Is incontinence during menopause normal?

What you need to know about one of the most common symptoms of menopause
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Between hot flushes and mood swings, you would think that menopause couldn’t get any more testing. 

Until one day you notice your bladder isn’t holding up like it used to. 

Urinary incontinence (UI) is one of those menopause symptoms no one warns you about, yet so many of us experience it. 

In fact, 55 percent of post-menopausal women have some form of the condition. 

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“Whilst not all cases are due to menopause, it is considered to be a significant contributor to most UI cases,” says ConfidenceClub consultant Sonya Meyer. 

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“Unfortunately, menopause and incontinence are two topics not discussed enough individually, let alone together.”

Below, Sonya shares how the two are linked and what we can do to help minimise our symptoms.

There are numerous products on the market to support those who support from incontinence (Credit: Getty)

Why does incontinence occur during menopause?

Incontinence during menopause all comes down to oestrogen. This is the hormone responsible for regulating your menstruation, which drops as we begin menopause. 

“This reduced oestrogen level can cause your pelvic muscles to weaken and as such, they may no longer be able to help control your urinary tract as they once did,” Sonya says. 

“As women age, the bladder also loses elasticity, so when it fills with urine the loss of stretch can irritate the bladder and cause us to want to urinate more frequently. This is known as urge incontinence.”

Sonya explains this weakened pelvic floor and loss of elasticity create the perfect storm for urge incontinence. It can also trigger stress incontinence, which is where physical activity puts pressure on the bladder.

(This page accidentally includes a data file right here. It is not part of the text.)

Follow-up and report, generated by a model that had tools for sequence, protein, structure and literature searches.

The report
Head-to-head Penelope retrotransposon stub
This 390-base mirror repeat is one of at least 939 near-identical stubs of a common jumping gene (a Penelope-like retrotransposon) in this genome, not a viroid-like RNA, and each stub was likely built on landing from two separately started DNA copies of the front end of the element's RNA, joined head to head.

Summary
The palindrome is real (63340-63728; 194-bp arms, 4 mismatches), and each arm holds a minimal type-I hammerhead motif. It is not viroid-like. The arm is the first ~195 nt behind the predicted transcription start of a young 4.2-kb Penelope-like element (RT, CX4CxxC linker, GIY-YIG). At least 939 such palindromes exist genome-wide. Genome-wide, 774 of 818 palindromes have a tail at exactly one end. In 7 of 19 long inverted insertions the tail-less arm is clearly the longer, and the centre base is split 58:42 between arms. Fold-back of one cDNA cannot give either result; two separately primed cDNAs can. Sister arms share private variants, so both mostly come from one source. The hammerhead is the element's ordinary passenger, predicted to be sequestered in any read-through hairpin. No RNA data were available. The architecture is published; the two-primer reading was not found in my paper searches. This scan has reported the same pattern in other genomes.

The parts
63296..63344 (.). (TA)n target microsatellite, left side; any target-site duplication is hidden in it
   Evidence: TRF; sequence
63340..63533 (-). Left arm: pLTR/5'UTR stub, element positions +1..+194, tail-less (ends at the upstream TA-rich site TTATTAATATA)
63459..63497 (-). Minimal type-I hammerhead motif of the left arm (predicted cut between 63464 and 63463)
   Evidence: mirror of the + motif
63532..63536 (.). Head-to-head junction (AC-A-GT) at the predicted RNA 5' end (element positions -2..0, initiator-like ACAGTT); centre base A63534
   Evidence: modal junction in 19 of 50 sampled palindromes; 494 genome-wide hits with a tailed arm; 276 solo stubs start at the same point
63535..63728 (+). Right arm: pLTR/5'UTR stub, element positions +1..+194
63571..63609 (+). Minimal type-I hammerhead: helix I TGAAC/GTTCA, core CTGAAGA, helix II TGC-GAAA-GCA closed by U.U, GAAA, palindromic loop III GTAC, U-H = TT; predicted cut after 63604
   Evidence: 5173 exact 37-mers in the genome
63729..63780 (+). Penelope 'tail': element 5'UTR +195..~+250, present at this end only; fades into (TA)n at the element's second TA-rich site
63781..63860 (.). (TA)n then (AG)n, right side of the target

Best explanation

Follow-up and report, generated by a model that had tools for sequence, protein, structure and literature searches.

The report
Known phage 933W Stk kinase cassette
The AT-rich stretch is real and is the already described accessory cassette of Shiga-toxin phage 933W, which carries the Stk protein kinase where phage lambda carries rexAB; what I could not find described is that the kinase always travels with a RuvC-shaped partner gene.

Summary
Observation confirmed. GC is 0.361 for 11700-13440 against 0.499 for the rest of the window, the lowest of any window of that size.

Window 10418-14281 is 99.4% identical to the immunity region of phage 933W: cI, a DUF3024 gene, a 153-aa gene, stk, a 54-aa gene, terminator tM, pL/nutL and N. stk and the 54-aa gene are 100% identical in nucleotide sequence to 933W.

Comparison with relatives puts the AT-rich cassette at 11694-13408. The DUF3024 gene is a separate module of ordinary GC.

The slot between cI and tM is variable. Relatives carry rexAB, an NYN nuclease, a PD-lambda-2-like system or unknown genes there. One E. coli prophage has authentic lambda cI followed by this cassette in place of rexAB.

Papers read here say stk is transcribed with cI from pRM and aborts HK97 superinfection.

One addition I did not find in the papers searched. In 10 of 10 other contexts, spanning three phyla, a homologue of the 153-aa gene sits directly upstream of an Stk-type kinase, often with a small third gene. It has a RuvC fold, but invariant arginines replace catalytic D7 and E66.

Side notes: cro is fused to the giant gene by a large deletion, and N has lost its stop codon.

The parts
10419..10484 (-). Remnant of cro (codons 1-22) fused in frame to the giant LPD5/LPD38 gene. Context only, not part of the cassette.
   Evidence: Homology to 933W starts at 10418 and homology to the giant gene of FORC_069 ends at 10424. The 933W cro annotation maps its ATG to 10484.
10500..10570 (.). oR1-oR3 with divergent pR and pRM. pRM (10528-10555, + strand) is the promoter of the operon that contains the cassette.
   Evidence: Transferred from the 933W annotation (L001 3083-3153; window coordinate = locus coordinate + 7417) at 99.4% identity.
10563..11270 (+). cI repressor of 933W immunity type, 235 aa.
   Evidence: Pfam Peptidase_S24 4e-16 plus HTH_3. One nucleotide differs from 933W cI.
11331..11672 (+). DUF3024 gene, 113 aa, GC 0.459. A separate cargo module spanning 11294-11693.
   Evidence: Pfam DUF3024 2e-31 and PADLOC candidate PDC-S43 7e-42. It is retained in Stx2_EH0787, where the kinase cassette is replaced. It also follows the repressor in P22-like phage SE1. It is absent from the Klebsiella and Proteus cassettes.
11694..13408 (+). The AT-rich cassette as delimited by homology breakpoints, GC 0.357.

“Sneezing, coughing, heavy lifting, and exercising may also cause urine leaks during this time,” explains Sonya. 

If you struggle with incontinence, you should cut stimulants (such as coffee) out of your diet (Credit: Getty)

What is the impact of incontinence?

Incontinence can come with other physical health conditions such as incontinence-associated dermatitis (IAD) – a skin condition caused by exposure to bacteria in urine – and urinary tract infections due to the inability to empty the bladder fully. 

The condition can also take a toll in other ways. 

According to ConfidenceClub’s 2023 annual survey, 78 percent of participants said having incontinence impacts their mental health. In addition, 81 percent reported that incontinence negatively affected their social life. 

“Incontinence can cause people to withdraw from their social life and isolate themselves from friends and family because of embarrassment and discomfort,” Sonya says. 

“But, there is plenty of support and even comfort in knowing that one in three people experience some form of incontinence.”

It is important to speak to your doctor if you have any questions (Credit: Getty)

How to manage symptoms of incontinence

Strengthen your pelvic floor

Do pelvic floor training regularly. While you can find beginner-style exercises online, Sonya recommends seeing a pelvic physio for correct guidance and a tailored program. 

Avoid constipation

This can increase the abdominal pressure leading to incontinence. Eating a high-fibre diet and staying hydrated are some ways to avoid constipation. Speak to your doctor if you’re having difficulties. 

Avoid stimulants

Steer clear of caffeine, alcohol, and smoking as these all contribute to incontinence. 

Consider hormone therapy

Speak with your doctor about whether oestrogen hormone therapy might be right for you. 

Speak to your doctor about bladder training 

Research shows that bladder training can assist with some bladder issues (including incontinence). It essentially aims to decrease the frequency of going to the toilet, add a longer amount of time between toilet trips and increase the amount of urine you’re passing. 

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